Nate Jones has given the White Sox confidence in the direction they plan to go with their bullpen.
After a very poor start to his sophomore season, the right-hander has flourished for more than two months in every role assigned by manager Robin Ventura.
The importance of Jones’ performance can’t be overstated as the White Sox have a shortage of late-innings relievers after veterans Jesse Crain and Matt Thornton were traded in July.
With the setup role now available, Jones has put in a strong bid to take over. Not only does Jones possess a deadly repertoire complete with a fastball that touches 100 mph with a slider and changeup, he also has regained confidence he can throw all three.
“I’m feeling pretty good with all three of my pitches,” Jones said. “They’re awesome when you throw them for strikes to get people off your fastball. Maybe that’s what I was running into trouble with early in the season. I wasn’t locating my secondary pitches, so they could sit on that. It doesn’t matter how hard you throw, they’re going to be able to time it and hit it.”
They haven’t hit much Jones has thrown since late May.
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After he saw his ERA balloon to 7.04 on May 27, Jones has been dominant. In his last 34 innings, Jones has a 1.59 ERA, 24 hits allowed and walked seven while striking out 43 batters.
He’s been even better over his last seven innings, striking out 12 with two hits and two walks.
Those numbers have Ventura pretty confident whenever Jones takes the mound.
“Jonesy’s come a long way from where the season started,” Ventura said. “I don’t know if there’s anybody as confident in the league right now coming out of the bullpen and locking down an inning. He’s got great stuff and he feels good. Anytime a guy has a 100 mph in his bag, it’s a pretty good weapon. He also has off-speed pitches that guys just can’t sit on 100 mph. He’s a very confident kid and we have a lot of confidence bringing him in any situation. Left, right, anything, it doesn’t matter. You want him in the game.”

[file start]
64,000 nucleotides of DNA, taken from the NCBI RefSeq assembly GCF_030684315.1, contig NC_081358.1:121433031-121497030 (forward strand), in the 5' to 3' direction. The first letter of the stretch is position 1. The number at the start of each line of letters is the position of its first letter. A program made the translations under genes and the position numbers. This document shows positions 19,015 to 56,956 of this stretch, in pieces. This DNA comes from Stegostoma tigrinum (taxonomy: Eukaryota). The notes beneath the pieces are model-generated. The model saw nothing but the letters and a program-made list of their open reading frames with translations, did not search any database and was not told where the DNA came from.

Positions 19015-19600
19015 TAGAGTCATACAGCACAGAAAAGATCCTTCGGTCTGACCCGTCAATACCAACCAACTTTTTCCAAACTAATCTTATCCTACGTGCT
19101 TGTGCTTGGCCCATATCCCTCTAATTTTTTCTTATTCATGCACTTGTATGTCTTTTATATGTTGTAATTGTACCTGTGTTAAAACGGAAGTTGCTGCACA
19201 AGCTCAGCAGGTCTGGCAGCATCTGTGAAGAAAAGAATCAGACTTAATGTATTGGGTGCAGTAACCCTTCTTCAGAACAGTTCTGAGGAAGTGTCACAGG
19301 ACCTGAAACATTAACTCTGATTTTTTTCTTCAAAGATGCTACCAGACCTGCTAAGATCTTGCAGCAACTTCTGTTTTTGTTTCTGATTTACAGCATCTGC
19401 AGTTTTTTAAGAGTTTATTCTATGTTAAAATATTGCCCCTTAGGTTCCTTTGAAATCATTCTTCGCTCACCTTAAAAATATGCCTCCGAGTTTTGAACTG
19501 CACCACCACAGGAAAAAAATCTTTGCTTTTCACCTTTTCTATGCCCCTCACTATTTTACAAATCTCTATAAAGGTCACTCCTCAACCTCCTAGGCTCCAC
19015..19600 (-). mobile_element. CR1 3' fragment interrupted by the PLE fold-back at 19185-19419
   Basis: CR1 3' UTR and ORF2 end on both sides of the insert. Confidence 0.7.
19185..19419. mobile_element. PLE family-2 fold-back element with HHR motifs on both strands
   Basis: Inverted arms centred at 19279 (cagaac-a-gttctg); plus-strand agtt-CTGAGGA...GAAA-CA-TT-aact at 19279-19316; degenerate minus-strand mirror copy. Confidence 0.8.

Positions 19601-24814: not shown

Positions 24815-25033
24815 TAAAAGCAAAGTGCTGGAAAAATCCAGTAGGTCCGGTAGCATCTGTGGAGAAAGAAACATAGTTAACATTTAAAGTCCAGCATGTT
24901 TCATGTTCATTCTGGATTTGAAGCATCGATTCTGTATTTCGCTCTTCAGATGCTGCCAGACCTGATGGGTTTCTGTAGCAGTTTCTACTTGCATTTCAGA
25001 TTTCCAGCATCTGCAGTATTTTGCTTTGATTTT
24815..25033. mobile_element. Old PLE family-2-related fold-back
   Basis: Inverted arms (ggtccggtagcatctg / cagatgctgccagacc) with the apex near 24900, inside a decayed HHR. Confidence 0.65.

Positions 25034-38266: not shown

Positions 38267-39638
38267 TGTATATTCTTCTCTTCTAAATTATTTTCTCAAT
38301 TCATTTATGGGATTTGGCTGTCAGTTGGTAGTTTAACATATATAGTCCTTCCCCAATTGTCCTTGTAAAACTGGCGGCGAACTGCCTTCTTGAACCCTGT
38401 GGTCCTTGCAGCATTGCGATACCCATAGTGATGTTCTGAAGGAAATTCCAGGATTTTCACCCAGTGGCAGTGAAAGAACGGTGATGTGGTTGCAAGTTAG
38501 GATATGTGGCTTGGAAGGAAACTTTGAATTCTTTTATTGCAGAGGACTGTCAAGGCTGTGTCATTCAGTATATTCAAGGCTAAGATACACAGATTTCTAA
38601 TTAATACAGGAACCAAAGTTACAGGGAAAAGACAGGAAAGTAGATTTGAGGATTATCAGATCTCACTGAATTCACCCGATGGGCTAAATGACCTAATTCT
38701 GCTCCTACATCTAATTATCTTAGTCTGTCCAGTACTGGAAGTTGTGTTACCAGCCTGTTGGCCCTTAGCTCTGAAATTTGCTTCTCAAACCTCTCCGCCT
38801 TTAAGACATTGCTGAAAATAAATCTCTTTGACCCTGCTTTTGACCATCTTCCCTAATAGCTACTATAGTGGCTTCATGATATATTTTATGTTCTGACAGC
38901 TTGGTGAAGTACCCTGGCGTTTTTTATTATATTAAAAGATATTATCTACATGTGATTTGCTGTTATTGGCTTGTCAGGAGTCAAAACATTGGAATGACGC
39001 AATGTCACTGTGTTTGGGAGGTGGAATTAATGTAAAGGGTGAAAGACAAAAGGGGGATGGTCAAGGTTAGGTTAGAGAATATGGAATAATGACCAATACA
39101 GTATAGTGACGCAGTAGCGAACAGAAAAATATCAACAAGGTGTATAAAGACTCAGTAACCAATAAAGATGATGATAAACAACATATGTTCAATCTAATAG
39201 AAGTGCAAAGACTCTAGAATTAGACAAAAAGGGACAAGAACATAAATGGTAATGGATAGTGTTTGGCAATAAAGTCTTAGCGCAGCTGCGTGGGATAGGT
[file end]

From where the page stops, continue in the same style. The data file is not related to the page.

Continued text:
Those words have to be pleasing for Jones to hear when you consider his first two months of 2013.
Jones was so dominant down the stretch in his rookie campaign -- he went 8-0 with a 2.39 ERA in 65 games last season -- the White Sox kept him in an elevated, trusted role.
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But Jones struggled to live up to the expectations.
While his ball/strike ratio wasn’t out of line with his 2012 campaign, Jones couldn’t locate his changeup or slider with consistency.
Hitters knew and looked specifically for his fastball with good results for the opposition. Through his first 19 games this season, Jones had a .289 batting average against. He allowed 23 hits in 24 innings and walked 12.
Since he began to locate his offspeed pitches and throw them with confidence, hitters haven’t had a chance. In his last 28 appearances, opponents have a .202 average against Jones.
Now that he’s endured such a slump and lived to tell about it, Jones figures it won’t be as difficult to turn around the next time he’s in a rut.
“That was a big struggle,” Jones said. “That was a long struggle at the beginning. If it happens again, I can maybe see it happening earlier (instead of) making it last a month-and-a-half, two months, whatever it was. I definitely see it as a learning and helping experience for sure.”
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The White Sox would like to believe Jones -- an affordable option in a role that can be expensive to fill -- could continue to help well into the future.
The White Sox allocated roughly 13.6 percent of their $109 million payroll this season toward the bullpen. Matt Thornton ($5.5 million), Jesse Crain ($4.5 million) and Matt Lindstrom ($2.8 million) accounted for $12.8 million of the $14.83 million spent on relievers. By comparison, closer Addison Reed and Jones earned a combined $1.275 million.
If the club opts to pick up his $4 million salary next season, Lindstrom is the only pitcher slated to earn more than $1 million.
But the future isn’t important to Jones for now.
“I don’t even think about down the road,” Jones said. “We really take into what Robin talks about, taking it one game at a time. … It doesn’t matter to me. As long as I’m still pitching in the big leagues, that’s all that matters.”